Known as the “mother of authentic midwifery,” Ina May Gaskin is a famous midwife who is a the founder and director of the Farm Midwifery Center in Tennessee. The Farm Midwifery Center specializes in prenatal care, support during labor and delivery, and postpartum supervision. This unique center is run by seven midwives and has helped countless women and babies enjoy a safe, pleasant, and responsive birthing experience. If you wish to make a positive difference in the lives of women and their children, like Ina May Gaskin and the Farm Midwifery Center, a career as a nurse midwife may be right for you.

Career Outlook for Nurse Midwives

Nurse Midwife National Average
Average Salary $103,640 $50,620
Projected Job Growth 20.6% 7.4%
Source: 2017 Occupational Employment Statistics and 2016-26 Employment Projections, Bureau of Labor Statistics, BLS.gov

Best States for Nurse Midwives

Salary
California $132,480
Massachusetts $119,700
New Jersey $111,600
Wisconsin $109,280
Minnesota $109,020
Job Growth
Tennessee 51.3%
Utah 48.3%
Georgia 41.9%
Colorado 40%
Virginia 39.5%
Source: 2017 Occupational Employment Statistics and 2016-26 Employment Projections, Bureau of Labor Statistics, BLS.gov

What is a Nurse Midwife?

A nurse midwife is a licensed health care professional who specializes in women’s reproductive health and childbirth. Nurse midwives attend births, conduct annual exams, counsel women, and prescribe medication. They must learn to use a number of advanced tools to perform their duties, including thermostats, forceps, blood pressure monitors, surgical scissors, lancets, and syringes. In most cases, these professionals work in either a home or a hospital setting.

Nurse midwives play a different role in the health care field than other types of nurses. While registered nurses treat and perform number of different conditions and procedures, nurse midwives focus their efforts on helping women and babies before, during and after the birthing process. Additionally, nurse midwives are actively involved in delivery, whereas labor and delivery nurses call in the doctor when it’s time to deliver a baby.

Nurse Midwife Skills

Skill Name Importance Competence
Active Learning 4 4.12
Active Listening 4.12 4.25
Critical Thinking 4.12 4.25
Social Perceptiveness 4.12 4.38
Speaking 4.12 4
Source: O*NET® 22.1 Database, O*NET OnLine, National Center for O*NET Development, Employment & Training Administration, U.S. Department of Labor, onetonline.org

Step One: Earn Your Education

Nurse midwives must complete a graduate program accredited by the Accreditation Commission for Midwifery Education (ACME). Such programs are only available to individuals who have already earned a bachelor’s degree in nursing or a science-related field.

Certified nurse midwife programs (also known as CNM programs) usually involve courses such as family planning health care, newborn care, management of complications, clinical pharmacology and disease prevention. They also include a component where students complete clinical experience hours, which are required for licensing.

Upon completion of a certified nurse midwife program, a student usually earns a master’s degree. It typically takes at least 24 months to complete one of these programs.

Step Two: Earn Your Certification

Once a student has successfully completed a certified nurse midwife program, they may be eligible to sit for a certification exam. Here are some of the certifications that nurse midwives may want to consider earning in order to demonstrate their competence to potential clients and employers in the future.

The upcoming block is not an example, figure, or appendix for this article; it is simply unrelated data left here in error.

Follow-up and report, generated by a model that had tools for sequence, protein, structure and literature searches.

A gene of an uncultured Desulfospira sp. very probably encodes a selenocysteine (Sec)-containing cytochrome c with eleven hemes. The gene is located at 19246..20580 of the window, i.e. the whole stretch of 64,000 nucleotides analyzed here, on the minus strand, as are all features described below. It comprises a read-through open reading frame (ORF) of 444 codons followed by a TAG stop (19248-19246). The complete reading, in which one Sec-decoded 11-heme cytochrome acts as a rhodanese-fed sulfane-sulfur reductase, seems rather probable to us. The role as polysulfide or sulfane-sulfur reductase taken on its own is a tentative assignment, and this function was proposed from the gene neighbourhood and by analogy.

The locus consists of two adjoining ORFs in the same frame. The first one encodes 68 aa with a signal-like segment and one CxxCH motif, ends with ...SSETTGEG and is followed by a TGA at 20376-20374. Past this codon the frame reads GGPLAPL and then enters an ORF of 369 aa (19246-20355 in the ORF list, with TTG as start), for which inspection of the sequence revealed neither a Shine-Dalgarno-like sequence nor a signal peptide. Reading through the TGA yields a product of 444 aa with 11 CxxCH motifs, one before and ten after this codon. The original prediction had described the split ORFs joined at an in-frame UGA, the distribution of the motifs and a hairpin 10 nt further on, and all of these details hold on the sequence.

• The American Midwifery Certification Board (AMCB) certification is valid for five years. This certification is known as the gold standard in midwifery certifications and is recognized in every state. Once a student who has earned a graduate degree from a CNM program completes an initial application and pays a $500 certification exam fee, they may choose to take the AMCB exam. This certification typically expires December 21st of the fifth year after the date it was issued.
  • The Certified Professional Midwife (CPM) certification from the North American Registry of Midwives (NARM) requires knowledge about and experience in and out of hospital settings. It is intended for nurse midwives who would like to work in private home- or birth center-based environments. As of October 2017, 33 states regulate CPM certifications, which must be renewed every 3 years.
  • The Certified Midwife (CM) certification is for a non-nursing professional who has received midwifery training. To qualify for this exam, an individual must hold at least a bachelor’s degree from an accredited college and a certification through the American College of Nurse Midwives. New York, Rhode Island and Maine are the only states to accept this certification.

Step Three: Continuing Education Requirements

Since the health care field is constantly evolving and new technologies, patient care trends, or medical breakthroughs can arise at any moment, continuing education is crucial for nurse midwives. By continuing their education, nurse midwives should have a much easier time keeping up with new procedures, drugs, techniques, pharmaceuticals and more.

Continuing education can also be important for meeting certain career- or certification-related requirements. Nurse midwives should check with their state so that they are aware of educational requirements they must comply with in order to continue practicing in the field.

Sources
  1. Bureau of Labor Statistics, Accessed May 2018, https://www.bls.gov/ooh/healthcare/nurse-anesthetists-nurse-midwives-and-nurse-practitioners.htm#tab-4
  2. American Midwifery Certification Board, Accessed May 2018, https://www.amcbmidwife.org/
  3. O*Net Online, Accessed May 2018, https://www.onetonline.org/link/summary/29-1161.00

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